Background of SERECU II

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Eradication of Rinderpest in Africa

Rinderpest, also known as cattle plague, is a contagious disease of cattle, Asian buffaloes, yaks and other cloven hoofed mammals both domesticated and wild, including swine, African buffaloes and giraffes.

Rinderpest changed the course of history. It is the most dreaded bovine disease which for centuries swept across Europe and Asia with marauding armies causing the disaster, death and devastation that preceded the fall of the Roman empire, the conquest of Christian Europe by Charlemagne, the French revolution, the impoverishment of Russia and the colonisation of Africa.

It appeared in Egypt in 1844 and 1865, Abyssinia in 1890, Japan in 1892 and the Philippines in 1898. The last European outbreaks of rinderpest began in 1917 when the disease crossed the Caucasus entered Ukraine, Latvia and Lithuania in company with the Bolshevik armies and moved eastwards into Poland in 1920. Due to international efforts that epidemic was finally defeated in 1923. Since then, Europe has been free of epidemic rinderpest.

Focal outbreaks such as those in Belgium in 1920 and Italy in 1949 were introduced by cattle and wildlife imported from India and Somalia. Interestingly, it was the Belgian incident that led to the only introduction of rinderpest into the Americas when cattle from Belgium were shipped to Brazil.

This trade-related outbreak in Belgium prompted the founding of the World Organisation for Animal Health (OIE) in 1924. Elsewhere, the widespread occurrence of rinderpest after World War II was a main reason for the founding of the Food and Agriculture Organization (FAO) in 1945.

Rinderpest and the beginnings of AU-IBAR

In Africa, first thoughts of creating a continental office to control animal diseases were directly set off by rinderpest when the disease entered the continent at the end of the 19th century and severely hit the cattle population. A conference held in Nairobi in 1948 to study the disease situation spawned the idea which eventually brought about what is today known as the Interafrican Bureau for Animal Resources, a specialised technical office of the African Union (AU-IBAR).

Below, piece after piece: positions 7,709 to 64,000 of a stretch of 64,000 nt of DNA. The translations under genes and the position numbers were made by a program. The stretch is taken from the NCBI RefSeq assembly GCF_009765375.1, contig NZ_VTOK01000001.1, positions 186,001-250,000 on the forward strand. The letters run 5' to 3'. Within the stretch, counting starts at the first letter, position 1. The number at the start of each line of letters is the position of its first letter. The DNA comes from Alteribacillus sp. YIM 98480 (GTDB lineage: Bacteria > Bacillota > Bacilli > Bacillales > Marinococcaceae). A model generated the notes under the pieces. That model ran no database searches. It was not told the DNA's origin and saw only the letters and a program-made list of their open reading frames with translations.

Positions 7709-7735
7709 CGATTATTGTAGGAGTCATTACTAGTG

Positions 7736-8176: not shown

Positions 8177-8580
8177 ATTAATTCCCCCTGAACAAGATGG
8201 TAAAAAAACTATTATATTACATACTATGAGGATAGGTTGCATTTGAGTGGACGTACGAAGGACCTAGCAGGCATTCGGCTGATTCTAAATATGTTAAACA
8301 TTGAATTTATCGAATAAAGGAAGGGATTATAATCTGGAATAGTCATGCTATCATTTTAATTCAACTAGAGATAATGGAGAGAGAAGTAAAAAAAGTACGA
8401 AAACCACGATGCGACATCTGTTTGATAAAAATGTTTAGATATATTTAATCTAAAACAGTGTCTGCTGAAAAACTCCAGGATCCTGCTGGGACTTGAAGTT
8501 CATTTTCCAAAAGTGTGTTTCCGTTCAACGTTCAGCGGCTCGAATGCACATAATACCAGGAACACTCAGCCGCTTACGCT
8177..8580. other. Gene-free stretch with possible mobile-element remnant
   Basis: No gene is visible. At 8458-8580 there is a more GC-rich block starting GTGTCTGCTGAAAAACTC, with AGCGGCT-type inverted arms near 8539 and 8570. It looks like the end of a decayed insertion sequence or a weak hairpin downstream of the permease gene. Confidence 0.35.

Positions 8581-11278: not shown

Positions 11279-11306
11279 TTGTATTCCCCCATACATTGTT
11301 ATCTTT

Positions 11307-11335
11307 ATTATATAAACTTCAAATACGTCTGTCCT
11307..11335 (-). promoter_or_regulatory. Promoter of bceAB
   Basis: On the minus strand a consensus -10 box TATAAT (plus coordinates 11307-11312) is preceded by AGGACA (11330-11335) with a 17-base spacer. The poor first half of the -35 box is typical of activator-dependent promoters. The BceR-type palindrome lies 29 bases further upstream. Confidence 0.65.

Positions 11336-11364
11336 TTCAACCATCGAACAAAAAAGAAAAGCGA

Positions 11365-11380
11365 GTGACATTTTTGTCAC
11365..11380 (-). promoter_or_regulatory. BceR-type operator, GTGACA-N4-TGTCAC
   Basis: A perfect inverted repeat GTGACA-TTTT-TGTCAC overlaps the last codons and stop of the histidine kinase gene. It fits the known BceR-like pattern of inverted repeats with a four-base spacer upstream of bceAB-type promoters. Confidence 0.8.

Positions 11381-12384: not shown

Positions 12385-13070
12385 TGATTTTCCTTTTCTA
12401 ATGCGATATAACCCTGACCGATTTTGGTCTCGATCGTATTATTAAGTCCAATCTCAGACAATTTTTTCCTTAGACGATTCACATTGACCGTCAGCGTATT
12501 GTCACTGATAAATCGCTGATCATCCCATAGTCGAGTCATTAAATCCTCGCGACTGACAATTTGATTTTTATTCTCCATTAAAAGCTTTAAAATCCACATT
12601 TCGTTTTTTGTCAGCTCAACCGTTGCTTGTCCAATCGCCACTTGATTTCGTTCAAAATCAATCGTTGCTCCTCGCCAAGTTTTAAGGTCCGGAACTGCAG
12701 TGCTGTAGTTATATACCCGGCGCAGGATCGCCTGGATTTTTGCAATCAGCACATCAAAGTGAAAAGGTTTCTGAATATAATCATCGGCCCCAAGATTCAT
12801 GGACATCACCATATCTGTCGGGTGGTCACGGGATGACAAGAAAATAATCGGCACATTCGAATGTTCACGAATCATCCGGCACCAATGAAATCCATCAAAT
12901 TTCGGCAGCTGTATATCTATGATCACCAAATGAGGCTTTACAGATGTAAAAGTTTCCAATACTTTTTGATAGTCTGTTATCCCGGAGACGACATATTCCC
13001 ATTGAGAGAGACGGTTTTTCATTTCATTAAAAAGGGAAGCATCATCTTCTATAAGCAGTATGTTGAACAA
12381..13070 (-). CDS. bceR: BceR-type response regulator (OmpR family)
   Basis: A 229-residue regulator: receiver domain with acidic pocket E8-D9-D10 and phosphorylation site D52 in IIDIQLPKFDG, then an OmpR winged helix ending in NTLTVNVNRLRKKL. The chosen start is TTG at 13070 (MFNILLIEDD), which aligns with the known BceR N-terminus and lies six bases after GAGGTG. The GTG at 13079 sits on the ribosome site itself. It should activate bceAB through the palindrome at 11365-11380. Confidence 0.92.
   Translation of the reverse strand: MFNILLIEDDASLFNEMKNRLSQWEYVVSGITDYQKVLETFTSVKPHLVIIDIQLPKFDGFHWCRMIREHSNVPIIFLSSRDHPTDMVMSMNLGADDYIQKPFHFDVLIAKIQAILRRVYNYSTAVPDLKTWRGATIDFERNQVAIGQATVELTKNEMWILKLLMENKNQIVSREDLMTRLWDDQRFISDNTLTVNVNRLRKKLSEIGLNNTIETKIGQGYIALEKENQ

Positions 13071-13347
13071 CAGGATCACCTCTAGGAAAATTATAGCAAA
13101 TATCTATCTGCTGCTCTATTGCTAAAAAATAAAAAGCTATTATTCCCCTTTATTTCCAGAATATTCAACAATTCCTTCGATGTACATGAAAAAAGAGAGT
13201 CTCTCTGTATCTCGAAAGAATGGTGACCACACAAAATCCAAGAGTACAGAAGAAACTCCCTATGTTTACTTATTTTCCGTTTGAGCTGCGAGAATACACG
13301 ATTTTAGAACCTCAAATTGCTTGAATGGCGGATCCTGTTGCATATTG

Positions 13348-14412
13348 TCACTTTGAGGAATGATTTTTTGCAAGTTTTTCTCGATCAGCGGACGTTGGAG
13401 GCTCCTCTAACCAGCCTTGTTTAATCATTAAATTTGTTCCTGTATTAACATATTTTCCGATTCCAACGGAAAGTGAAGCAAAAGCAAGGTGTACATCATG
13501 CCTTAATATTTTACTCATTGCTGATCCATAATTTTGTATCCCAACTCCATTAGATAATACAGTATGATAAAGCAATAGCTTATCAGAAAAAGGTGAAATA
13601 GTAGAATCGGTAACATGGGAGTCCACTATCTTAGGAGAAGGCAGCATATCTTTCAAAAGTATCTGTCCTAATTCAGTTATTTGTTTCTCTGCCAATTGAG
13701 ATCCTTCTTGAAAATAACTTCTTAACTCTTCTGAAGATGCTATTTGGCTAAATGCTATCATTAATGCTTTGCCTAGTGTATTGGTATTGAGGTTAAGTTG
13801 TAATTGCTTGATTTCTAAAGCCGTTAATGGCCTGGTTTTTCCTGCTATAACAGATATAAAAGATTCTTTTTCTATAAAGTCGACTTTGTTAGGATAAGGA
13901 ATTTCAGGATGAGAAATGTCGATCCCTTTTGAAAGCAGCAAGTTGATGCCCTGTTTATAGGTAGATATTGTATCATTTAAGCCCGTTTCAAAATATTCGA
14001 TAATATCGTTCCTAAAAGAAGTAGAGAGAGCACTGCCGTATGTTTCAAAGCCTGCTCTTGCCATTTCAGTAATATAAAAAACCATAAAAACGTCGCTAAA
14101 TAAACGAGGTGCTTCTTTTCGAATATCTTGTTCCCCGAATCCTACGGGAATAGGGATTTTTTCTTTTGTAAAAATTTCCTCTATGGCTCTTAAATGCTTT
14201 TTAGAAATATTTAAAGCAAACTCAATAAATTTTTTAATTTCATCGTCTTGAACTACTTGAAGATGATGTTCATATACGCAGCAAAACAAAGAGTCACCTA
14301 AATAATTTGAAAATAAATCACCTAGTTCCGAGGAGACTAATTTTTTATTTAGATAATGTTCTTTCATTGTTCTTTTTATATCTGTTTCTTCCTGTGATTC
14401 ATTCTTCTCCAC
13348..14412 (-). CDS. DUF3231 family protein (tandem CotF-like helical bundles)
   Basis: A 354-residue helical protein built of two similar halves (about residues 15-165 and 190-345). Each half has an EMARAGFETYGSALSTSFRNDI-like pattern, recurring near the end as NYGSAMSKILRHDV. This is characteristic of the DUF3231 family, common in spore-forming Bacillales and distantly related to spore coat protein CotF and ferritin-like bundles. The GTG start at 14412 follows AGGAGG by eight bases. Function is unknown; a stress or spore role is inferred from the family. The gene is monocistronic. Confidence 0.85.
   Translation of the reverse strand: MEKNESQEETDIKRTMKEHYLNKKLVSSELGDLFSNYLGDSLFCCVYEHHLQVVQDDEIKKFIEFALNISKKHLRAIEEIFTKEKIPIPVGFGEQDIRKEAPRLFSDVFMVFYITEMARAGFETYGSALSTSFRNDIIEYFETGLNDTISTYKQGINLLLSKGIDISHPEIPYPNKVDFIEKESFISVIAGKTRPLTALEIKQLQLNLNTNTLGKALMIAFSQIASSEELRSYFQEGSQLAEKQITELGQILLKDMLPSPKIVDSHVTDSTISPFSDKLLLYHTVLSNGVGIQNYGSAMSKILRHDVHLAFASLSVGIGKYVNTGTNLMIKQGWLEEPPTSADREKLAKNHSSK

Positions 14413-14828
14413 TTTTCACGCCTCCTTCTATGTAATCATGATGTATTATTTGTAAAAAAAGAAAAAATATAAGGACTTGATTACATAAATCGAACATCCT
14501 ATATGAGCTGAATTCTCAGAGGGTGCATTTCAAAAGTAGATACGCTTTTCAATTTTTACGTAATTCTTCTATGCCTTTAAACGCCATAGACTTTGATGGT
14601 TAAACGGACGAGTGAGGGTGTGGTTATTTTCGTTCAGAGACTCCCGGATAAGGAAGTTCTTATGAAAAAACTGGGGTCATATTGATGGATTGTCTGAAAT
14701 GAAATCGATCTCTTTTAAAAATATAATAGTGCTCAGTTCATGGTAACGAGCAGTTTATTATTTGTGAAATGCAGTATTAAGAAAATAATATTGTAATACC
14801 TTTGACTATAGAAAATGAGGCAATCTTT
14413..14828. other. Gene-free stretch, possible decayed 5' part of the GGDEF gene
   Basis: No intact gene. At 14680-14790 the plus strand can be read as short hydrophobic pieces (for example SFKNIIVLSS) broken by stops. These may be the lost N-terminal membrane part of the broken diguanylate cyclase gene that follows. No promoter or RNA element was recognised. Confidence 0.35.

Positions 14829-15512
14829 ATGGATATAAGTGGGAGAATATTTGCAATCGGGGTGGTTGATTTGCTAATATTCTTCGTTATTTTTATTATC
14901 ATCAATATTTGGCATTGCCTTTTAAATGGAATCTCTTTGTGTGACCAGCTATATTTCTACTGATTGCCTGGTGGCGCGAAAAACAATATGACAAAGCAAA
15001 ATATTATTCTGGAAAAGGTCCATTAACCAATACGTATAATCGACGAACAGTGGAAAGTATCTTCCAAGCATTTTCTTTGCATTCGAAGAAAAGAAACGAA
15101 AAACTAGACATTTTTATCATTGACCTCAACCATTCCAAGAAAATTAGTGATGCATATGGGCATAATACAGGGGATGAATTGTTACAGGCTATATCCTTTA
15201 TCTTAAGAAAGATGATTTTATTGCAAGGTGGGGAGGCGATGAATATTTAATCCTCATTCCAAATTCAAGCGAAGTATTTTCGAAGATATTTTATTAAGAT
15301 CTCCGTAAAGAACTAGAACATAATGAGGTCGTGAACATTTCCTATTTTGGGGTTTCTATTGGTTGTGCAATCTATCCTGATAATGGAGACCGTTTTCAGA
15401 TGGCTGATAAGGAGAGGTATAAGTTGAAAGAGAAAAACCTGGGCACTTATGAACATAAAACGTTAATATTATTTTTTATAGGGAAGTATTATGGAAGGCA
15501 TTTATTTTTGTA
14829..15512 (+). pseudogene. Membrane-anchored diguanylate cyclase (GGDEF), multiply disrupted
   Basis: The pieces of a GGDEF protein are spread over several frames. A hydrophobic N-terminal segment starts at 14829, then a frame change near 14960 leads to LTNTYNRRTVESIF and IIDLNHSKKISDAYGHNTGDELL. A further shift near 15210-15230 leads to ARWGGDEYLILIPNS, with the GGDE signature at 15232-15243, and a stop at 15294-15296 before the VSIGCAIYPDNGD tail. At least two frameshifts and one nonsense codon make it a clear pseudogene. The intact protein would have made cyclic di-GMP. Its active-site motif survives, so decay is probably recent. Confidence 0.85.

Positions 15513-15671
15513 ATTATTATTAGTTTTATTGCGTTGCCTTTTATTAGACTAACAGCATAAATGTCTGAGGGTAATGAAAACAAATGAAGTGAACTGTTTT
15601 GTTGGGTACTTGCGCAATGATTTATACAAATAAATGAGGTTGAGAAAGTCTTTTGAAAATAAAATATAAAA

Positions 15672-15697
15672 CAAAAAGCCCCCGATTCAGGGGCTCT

The objective of the final phase of the rinderpest eradication initiative is to ensure that freedom from the disease is actually achieved and get this finding officially approved by the OIE. With this achieved the initiative will have contributed enormously to livestock development and provided for a great opening of new trade opportunities. This in return is an indispensable building block to reach the overarching goal – which is to lift people involved in livestock farming in Africa out of poverty.

Past rinderpest control efforts in Africa

In the 1960s rinderpest had spread throughout large parts of Africa and a ten-year mass vaccination programme was set up to immunize entire bovine populations. In total some 80 million doses of vaccine were delivered to 30 million cattle.

While rinderpest was wiped out in many of the countries involved in the campaign, the development of capacity to identify and stamp out residual reservoirs of infection were neglected – leading to the to re-emergence of the disease that swept across sub-Saharan Africa in the early 1980s undoing most of what had been achieved.

From 1986 until today decisive actions have been taken to reclaim the territory and completely eradicate the virus from Africa. By 2007 the various initiatives managed to remove a focus in south-ern Sudan leaving only one very last one in the Somali ecosystem.

Today it is believed that the eradication initiative has been 100% successful and the virus completely defeated. The final stage is now looking at attaining scientific proof for the very last unconfirmed area – and from there let trade flourish.

Main achievements of SERECU phase 1

  • Coordinated regional and international inputs from AU/IBAR, FAO/GREP, OIE and IAEA to agree on standards and interpretation of data.
  • Identified needs and gaps in veterinary delivery systems for future interventions in rinderpest eradication and control of other transboundary diseases.
  • Formulation of a strategy that focuses on the proof of freedom from rinderpest, guards against resurgence and achieves OIE accreditation, which is the basis of SERECU II.
  • Basis for sustainable and effective coordination of the final eradication of rinderpest from its suspected last remaining foci in Africa.
  • Developed capacities and experiences to integrate national-level actions with regional and global actions, including setting the pace for timely and simultaneous implementation of surveys in the three Somali ecosystem countries and ensuring their adherence to operating procedures.
  • The problem of persistent antibody prevalence in specific locations in Southern Somalia has been resolved.
  • Ethiopia has been recognized free from rinderpest (May 2008, 76th General Session of the World Organisation of Animal Health (OIE)), while Kenya is recognized free from disease (former OIE Pathway) and Somalia is provisionally free (former OIE pathway).
  • The OIE Terrestrial Animal Health Code chapter on rinderpest and the accompanying surveillance guidelines including the OIE Pathway have been revised to take into account the specificities of mild rinderpest.